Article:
3) In the East skiing can great one week (last weekend) and awful the next (this weekend).  That's why booking far in advance is dangerous.  If skiing in Colorado is great one weekend, it may not be powder the next weekend, but it will be mostly packed powder with as much or more terrain open, and it will not suck.  Even a month later it can still be decent with little new snow.

All that's true. It's also an over reliance on fake snow. I've been to an area in new england where they had a dump of a 6 inches the night before.No ice/temperature below 25F. Low humidity. Everything was groomed. They blew snow on 90% of the mountain. That area they blew snow on was typical hardpack/scraping sounds/ice on sections. Over at the seperate area where they did NOT blow snow, it was beautiful cordoroy. ZERO scraping. No ice/crud. It was true packed powder. That fake snow is totally horrible. It only serves to build a base, which you unfortunately need on the east coast. Nothing drives me more crazy than a mountain blowing snow while it's snowing outside! Big pet peeve. lol


Edited by Ricardo Snowmen - 12/22/13 at 2:37pm
post #35 of 105
Quote:
Originally Posted by Ricardo Snowmen View Post
 

lol.....You want steep...there are places out west that make the vt mountains look flat. Snowbird/jacksonhole is much steeper than vt. Oh and then there's the backcountry where shit can get as crazy as you want.Huge cliff drops ect. I don't really need steep pitches to have fun anyway. I'm not a hard charger. Just enjoy playing in the pow and don't feel like getting hurt/taking big risks I like a more laid back mountain.. Let all the crazy's/future ortho rehab cases have at it at jackson.....I'll be at grand targhee with a big grin on my face.

 

 

you missed the part about me skiing at snowbird for 3 year didnt you? there is stuff way steeper out west but do not start comparing BC, we have BC stuff just as steep and anything out there.

 

My real point is wolf creek is flat and stepped.

post #36 of 105
To the OP. You realize there's 40000 or so members on this site? And a good chunk/majority of the regulars ski out West? Many have been skiing for decades and rack up over 50 days a year? Who exactly is your audience for this thread? Curious.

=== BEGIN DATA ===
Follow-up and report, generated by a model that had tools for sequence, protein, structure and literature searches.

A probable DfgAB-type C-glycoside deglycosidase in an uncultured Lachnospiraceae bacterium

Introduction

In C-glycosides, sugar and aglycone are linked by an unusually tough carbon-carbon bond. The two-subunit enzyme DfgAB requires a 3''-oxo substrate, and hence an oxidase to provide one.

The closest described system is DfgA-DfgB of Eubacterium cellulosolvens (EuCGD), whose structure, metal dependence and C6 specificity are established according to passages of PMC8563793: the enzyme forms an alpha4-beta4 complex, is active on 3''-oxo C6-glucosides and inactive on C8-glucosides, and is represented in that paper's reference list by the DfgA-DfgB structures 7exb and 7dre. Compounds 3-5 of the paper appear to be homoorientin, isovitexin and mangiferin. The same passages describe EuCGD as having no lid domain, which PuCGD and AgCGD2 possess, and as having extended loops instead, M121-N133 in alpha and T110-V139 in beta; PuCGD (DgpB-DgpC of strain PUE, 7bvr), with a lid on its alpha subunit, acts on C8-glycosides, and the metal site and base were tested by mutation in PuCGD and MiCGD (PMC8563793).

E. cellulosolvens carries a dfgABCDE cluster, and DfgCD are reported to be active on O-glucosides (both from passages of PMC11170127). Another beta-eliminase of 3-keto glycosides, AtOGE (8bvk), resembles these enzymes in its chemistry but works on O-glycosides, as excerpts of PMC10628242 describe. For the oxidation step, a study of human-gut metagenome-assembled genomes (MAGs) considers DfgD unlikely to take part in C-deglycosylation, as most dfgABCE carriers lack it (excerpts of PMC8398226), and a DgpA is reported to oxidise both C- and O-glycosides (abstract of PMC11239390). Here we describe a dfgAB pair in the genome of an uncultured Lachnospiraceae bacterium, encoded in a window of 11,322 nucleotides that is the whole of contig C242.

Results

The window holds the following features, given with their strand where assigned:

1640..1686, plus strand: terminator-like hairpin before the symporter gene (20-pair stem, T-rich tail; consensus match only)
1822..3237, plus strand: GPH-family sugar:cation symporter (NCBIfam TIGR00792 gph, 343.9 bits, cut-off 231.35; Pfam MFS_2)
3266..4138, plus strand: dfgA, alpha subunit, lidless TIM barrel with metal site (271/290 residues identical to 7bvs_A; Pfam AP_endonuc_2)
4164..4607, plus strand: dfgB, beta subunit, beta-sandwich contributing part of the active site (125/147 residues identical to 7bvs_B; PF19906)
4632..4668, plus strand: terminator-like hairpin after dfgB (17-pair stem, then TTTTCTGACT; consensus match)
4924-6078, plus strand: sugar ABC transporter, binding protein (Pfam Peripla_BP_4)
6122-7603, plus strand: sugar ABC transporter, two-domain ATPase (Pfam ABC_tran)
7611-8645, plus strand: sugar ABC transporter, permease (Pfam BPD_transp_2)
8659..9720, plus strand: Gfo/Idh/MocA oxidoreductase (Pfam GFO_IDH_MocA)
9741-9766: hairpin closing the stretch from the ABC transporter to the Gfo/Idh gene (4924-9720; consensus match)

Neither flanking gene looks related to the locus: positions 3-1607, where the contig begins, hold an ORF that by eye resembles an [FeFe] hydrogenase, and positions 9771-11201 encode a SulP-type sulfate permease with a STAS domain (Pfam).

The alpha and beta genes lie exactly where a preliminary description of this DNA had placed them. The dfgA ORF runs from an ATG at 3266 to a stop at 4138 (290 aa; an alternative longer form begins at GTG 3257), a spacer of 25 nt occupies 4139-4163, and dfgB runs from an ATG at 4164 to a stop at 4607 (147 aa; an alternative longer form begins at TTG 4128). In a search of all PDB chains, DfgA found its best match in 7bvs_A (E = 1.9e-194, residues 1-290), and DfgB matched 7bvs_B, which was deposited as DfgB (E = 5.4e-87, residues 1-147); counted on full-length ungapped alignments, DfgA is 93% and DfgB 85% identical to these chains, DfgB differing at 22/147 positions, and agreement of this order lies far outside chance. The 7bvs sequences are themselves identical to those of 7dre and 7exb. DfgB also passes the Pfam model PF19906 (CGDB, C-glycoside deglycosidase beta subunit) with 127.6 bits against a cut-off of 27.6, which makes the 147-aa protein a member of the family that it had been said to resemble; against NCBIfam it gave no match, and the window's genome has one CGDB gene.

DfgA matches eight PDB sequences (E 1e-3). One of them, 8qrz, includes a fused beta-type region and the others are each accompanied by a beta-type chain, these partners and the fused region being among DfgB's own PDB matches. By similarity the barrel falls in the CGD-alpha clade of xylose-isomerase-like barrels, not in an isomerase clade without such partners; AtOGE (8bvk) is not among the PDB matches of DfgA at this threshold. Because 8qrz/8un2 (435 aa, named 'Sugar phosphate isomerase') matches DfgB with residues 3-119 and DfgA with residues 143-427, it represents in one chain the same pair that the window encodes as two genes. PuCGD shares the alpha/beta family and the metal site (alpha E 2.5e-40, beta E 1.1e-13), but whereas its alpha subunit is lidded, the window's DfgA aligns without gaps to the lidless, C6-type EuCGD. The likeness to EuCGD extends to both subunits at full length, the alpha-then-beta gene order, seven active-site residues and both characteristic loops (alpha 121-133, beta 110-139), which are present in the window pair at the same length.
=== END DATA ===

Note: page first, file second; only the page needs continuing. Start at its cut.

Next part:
post #37 of 105
Thread Starter 
Quote:
Originally Posted by Josh Matta View Post
 

 

 there is stuff way steeper out west but do not start comparing BC, we have BC stuff just as steep and anything out there.

 

 

haha.....Yeah. All those extreme BC video's coming out of the east coast. It's just as gnarly as the chugatch range.

post #38 of 105
Thread Starter 
Quote:
Originally Posted by sibhusky View Post

To the OP. You realize there's 40000 or so members on this site? And a good chunk/majority of the regulars ski out West? Many have been skiing for decades and rack up over 50 days a year? Who exactly is your audience for this thread? Curious.

You think if they skied the west regularly they'd agree with me and know the truth that the northern greens don't get nearly 400 inches. Just look at the data bro. Notice they can't back up aynthing? It's just unofficial reporting from a ski area. No nws climate data. ENough said.

post #39 of 105

Ummmm, this thread is below the dignity of Epic regulars.  

post #40 of 105
Thread Starter 

Josh.....Oh and I don't live near wolf creek, so you're not insulting my home mountain anyway, though that's clearly what you're intending to. Nice try buddy boy

post #41 of 105

Jeepers!  Glad I'm not posting in this thread.

 

 

 

 

Oh, shoot.

post #42 of 105

I must say that this thread has gone off far better than I could have possibly hoped.

 

XMAS came early!

post #43 of 105
Quote:
Originally Posted by LiquidFeet View Post

Ummmm, this thread is below the dignity of Epic regulars.  
But it's lack of bile makes it irresistible! There are so many things I don't bring up just to avoid lighting a fire. I guess the way to go is to join a forum where you don't know anybody, then start and try to stoke a thread in the hopes of getting my passive aggressive ya-yas. It must be frustrating to want so badly to get in a fight and find everyone yawning. Heck, not even the "I hate New England" thread shows signs of The Crazy!
post #44 of 105
I am here to post in this very important thread.
post #45 of 105

Actually, @litterbug, the Steamboat posts from @Finndog are the ones that have me on the brink of such a serious existential crisis that I'm feeling tempted to go off on someone out of sheer frustration and envy. The "I Hate New England" one is pretty much a balm as far as I'm concerned. 

post #46 of 105
Quote:
Originally Posted by LiquidFeet View Post
 

Ummmm, this thread is below the dignity of Epic regulars.  

 

I just want to know what kind of beans Ricky put in the coffee maker this afternoon. Because I want some.

 

post #47 of 105
Quote:
Originally Posted by qcanoe View Post
 

 

I just want to know what kind of beans Ricky put in the coffee maker this afternoon. Because I want some.

 

 

May 15, 1989

post #48 of 105

Ricardo Snowman just needs more inches.

post #49 of 105
Quote:
Originally Posted by sibhusky View Post

To the OP. You realize there's 40000 or so members on this site? And a good chunk/majority of the regulars ski out West? Many have been skiing for decades and rack up over 50 days a year? Who exactly is your audience for this thread? Curious.